The Ornithological Council believes strongly that birds, both wild and captive-bred, should be treated humanely, both in the laboratory and in research conducted in the wild. We also believe strongly that research has intrinsic value, especially when that research will benefit the species being studied – as is the case in ornithological research. Unlike research that uses animals as test subjects for a purpose that will not benefit those animals (e.g., animal models used in biomedical research), ornithological research is conducted for the purpose of understanding bird biology and ecology. To help achieve the goal of humane treatment of all birds, the OC publishes a variety of resources for researchers, animal care and use committees, and others.
Animal Welfare Resources Published by the OC
Guidelines to the Use of Wild Birds in Research: This foundational publication provides an in-depth guide to the animal welfare considerations when performing research involving wild birds, including ethical considerations and the legal framework that must be followed by researchers. Topics include: investigator impact generally, collecting and trapping, marking, transport, housing and captive breeding, minor and major manipulative procedures, and euthanasia.
Chart of guidance related housing of wild birds, based on the Guidelines.
Model Wildlife Protocol: Working with the American Society of Mammalogists, the Ornithological Council developed a protocol form designed specifically for wildlife research conducted either in the field or in captivity, to be used by Institutional Animal Care and Use Committees.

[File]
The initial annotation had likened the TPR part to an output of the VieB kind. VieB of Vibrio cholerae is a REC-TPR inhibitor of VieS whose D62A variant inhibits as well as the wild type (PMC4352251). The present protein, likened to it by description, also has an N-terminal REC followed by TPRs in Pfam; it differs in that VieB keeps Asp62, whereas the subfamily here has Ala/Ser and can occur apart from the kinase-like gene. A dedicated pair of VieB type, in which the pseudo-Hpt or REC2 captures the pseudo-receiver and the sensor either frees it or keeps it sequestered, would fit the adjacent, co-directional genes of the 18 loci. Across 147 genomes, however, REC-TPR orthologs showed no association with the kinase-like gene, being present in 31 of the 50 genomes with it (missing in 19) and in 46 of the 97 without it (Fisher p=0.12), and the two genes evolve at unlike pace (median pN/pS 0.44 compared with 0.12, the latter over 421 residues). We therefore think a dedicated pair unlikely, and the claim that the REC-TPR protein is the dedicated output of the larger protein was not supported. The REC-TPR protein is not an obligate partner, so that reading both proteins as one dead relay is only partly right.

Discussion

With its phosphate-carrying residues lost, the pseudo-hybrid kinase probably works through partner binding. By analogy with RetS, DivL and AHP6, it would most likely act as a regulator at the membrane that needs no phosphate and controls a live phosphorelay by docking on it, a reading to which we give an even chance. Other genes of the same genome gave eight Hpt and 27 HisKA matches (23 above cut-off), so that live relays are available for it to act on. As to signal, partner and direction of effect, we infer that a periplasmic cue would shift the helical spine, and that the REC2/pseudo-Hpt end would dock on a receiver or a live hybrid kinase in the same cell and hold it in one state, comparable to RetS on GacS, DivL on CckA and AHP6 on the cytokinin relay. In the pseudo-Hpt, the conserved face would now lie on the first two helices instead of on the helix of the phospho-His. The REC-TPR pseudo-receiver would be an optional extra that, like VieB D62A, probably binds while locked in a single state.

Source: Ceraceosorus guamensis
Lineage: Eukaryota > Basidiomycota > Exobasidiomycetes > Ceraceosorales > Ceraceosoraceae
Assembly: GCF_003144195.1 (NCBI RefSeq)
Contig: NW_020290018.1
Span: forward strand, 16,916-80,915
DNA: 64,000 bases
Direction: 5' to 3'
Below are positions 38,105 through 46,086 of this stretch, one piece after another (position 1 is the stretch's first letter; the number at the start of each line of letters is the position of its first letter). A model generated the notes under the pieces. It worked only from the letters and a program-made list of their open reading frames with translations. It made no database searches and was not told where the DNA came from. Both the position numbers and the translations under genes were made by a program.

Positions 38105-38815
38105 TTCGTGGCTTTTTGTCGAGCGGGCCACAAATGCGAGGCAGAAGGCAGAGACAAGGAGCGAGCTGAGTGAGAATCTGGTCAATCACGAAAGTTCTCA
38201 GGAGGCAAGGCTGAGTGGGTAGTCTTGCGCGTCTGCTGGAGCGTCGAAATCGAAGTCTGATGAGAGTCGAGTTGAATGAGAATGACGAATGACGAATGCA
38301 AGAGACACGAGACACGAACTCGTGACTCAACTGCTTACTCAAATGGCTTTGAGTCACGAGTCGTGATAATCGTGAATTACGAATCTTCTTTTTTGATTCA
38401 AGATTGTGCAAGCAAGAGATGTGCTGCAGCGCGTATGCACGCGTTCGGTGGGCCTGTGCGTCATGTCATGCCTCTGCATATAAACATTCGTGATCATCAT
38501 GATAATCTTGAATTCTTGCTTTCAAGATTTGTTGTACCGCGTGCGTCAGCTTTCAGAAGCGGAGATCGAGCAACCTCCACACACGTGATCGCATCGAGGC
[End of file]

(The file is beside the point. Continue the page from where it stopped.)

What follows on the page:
Animal Welfare Policy: Implementation in the Context of Wildlife Research—Policy Review and Discussion of Fundamental Issues: Also known as the “wildlife FAQ,” this paper was originally “commissioned” by the Animal Subjects Committee of the Federal Demonstration Partnership, an association of federal agencies, academic research institutions with administrative, faculty and technical representation, and research policy organizations that work to streamline the administration of federally sponsored research. It was published in the journal of the Institute for Laboratory Animal Welfare of the National Research Council (of the National Academy of Sciences) and should serve as a touchstone for researchers, IACUC members, and Institutional Officials as well as for funding and oversight agencies.
Webinar: Wildlife Research Permits: What IACUCs Need to Know [external link to OLAW]
IACUC Central [external link to the atlas.org website]
“Animal Welfare Assurances” issue of the NIH’s All About Grants podcast [external link to NIH]